clm_options: { ... }
      #only_modules: [ ... ]
      #except_modules: [ ... ]

When no options are needed, an empty record can be given:

    compilation: {}


Compilation tests are intended as a basic check that code exported to library users compiles. For this reason, compilation tests only cover modules in directories with scope: Use and can only use dependencies with scope: Use.

If there is a need to test compilation of modules from other directories, they can be added to the src option in clm_options.


Allows to specify clm options for this test only. The record takes the same form as the global clm_options setting.


A list of module names that should not be tested. This option is incompatible with only_modules.


Requires format_version >= 0.4.13.


A list of module names that should be tested. Other modules will not be tested. This option is incompatible with except_modules.


Requires format_version >= 0.4.13.


A list of build goals that should be built before running the test. This takes the same form as build:depends.


This field can contain a file path. When present, the test only passes if the output of the last script command matches the content of this file.

For a real-world example, see Gast.


On Windows, the output of the script will be forcefully encoded in UTF-8 before checking the result (instead of UTF-16, which is used by default in PowerShell). Also, \r\n will be replaced by \n in both the program output and the expected_result file. On other systems, the output of the program is used as-is.


This allows you to use property-tester to collect Gast properties from definition modules and generate test modules, which are then run by test-runner. property-tester and test-runner are assumed to be in your dependencies.

property-tester will search for properties in definition modules in src.

The execution of property tests may be parallelized over multiple processes by providing the parallel test runner option.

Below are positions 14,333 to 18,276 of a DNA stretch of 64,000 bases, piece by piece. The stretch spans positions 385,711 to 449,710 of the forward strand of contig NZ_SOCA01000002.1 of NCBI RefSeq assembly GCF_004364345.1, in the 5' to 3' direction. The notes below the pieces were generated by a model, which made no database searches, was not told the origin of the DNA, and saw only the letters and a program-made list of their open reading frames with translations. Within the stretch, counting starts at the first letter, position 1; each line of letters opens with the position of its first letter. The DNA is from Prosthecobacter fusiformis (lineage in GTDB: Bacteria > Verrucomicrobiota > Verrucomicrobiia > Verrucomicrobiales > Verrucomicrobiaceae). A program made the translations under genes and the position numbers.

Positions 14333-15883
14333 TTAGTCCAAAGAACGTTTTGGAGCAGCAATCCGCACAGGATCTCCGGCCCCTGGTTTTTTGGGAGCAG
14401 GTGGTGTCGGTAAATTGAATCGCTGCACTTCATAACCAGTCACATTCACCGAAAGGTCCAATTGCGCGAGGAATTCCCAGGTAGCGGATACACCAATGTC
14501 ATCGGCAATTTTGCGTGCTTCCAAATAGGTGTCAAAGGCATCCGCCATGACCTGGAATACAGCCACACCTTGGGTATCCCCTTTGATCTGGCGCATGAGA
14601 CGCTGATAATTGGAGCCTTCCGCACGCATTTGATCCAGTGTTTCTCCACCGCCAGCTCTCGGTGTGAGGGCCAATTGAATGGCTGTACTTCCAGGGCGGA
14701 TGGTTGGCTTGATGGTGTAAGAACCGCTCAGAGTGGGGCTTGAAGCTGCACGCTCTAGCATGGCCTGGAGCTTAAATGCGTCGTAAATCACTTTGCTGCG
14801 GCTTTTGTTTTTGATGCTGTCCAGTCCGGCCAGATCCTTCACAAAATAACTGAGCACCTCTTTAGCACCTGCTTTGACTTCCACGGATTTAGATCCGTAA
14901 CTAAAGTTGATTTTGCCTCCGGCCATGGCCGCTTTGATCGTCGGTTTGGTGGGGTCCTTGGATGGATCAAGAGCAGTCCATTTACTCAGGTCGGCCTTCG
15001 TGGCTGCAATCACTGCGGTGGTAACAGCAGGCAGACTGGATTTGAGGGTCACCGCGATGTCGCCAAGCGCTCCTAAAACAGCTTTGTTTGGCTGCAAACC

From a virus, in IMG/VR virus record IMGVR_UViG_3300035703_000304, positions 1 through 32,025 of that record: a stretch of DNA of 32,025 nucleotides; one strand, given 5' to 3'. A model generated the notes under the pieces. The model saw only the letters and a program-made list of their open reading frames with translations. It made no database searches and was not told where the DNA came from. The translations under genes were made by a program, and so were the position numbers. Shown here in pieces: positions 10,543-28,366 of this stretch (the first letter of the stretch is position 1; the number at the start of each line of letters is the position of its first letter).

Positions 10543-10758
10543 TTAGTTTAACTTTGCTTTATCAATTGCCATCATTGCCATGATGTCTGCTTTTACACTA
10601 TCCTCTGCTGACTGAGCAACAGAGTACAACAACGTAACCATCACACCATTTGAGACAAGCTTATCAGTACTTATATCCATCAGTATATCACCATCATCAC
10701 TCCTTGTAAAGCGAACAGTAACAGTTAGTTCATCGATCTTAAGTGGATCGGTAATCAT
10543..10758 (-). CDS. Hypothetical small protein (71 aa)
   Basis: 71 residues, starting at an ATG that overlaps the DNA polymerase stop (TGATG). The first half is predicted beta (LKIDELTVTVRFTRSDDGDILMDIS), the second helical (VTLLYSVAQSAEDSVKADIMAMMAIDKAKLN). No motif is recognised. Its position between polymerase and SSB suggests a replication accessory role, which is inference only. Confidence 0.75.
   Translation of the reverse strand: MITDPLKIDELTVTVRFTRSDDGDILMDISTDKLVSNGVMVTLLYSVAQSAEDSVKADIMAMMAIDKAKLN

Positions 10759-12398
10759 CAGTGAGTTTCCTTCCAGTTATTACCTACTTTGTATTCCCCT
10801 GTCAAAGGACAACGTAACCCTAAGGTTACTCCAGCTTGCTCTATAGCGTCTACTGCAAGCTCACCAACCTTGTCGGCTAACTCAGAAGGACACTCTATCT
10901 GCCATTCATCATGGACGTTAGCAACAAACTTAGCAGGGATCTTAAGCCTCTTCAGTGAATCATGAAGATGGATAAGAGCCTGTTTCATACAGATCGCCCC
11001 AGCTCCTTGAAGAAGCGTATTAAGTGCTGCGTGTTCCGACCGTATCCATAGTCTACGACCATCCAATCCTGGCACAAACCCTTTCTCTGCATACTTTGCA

The following options are accepted:

  • clm_options: allows setting compilation options for the property modules. The same options as in clm_options are accepted.
  • junit_xml: see build:script:test-runner for details.
  • output_format: see build:script:test-runner for details.
  • test_options: a list of options for running the tests. These are defined in Gast’s Testoption type, and can be found when running one of the tests with --help. For example, Tests 10000 will run 10,000 tests.


The tests are generated in ./nitrile-tests, so that you can inspect the generated modules and/or use the generated executables as well.


A list of names of optional dependencies that are required for this specific test. This takes the same form as build:required_dependencies.


Requires format_version >= 0.4.11.


This field contains a list of commands that are run by the test runner. The exit code of the commands should be 0 for the test to pass.

The same commands are supported as in build:script.


Required. This must be one of Application, Library, or Miscellaneous.

The type influences the way nitrile package works, as well as the default dependency scope and source directory scope.

Other than that, it is just there to indicate to users what kind of project they are dealing with.


The URL to the repository of the project.

To publish a package, this field is required and must be a URL, e.g. This is because the registry only integrates with


A SemVer 2.0.0-compatible version. (Currently, additional labels for pre-releases are not supported.) This field is required to package or publish a package.

To start, 0.1.0 is a good value. For more details on versioning, see the packaging and publishing checklist.


This key allows for additional options for the nitrile watch command.


A list of strings, which are interpreted as PCRE regular expressions. nitrile watch will ignore changes on any file of which the whole name matches any of these patterns.

iTasks developers may want to use exclude: ['-www/'].

  1. See e.g. Definition 7 in Sulzmann, Martin, et al. “Understanding functional dependencies via constraint handling rules.” Journal of Functional Programming 17.1 (2007): 83-129.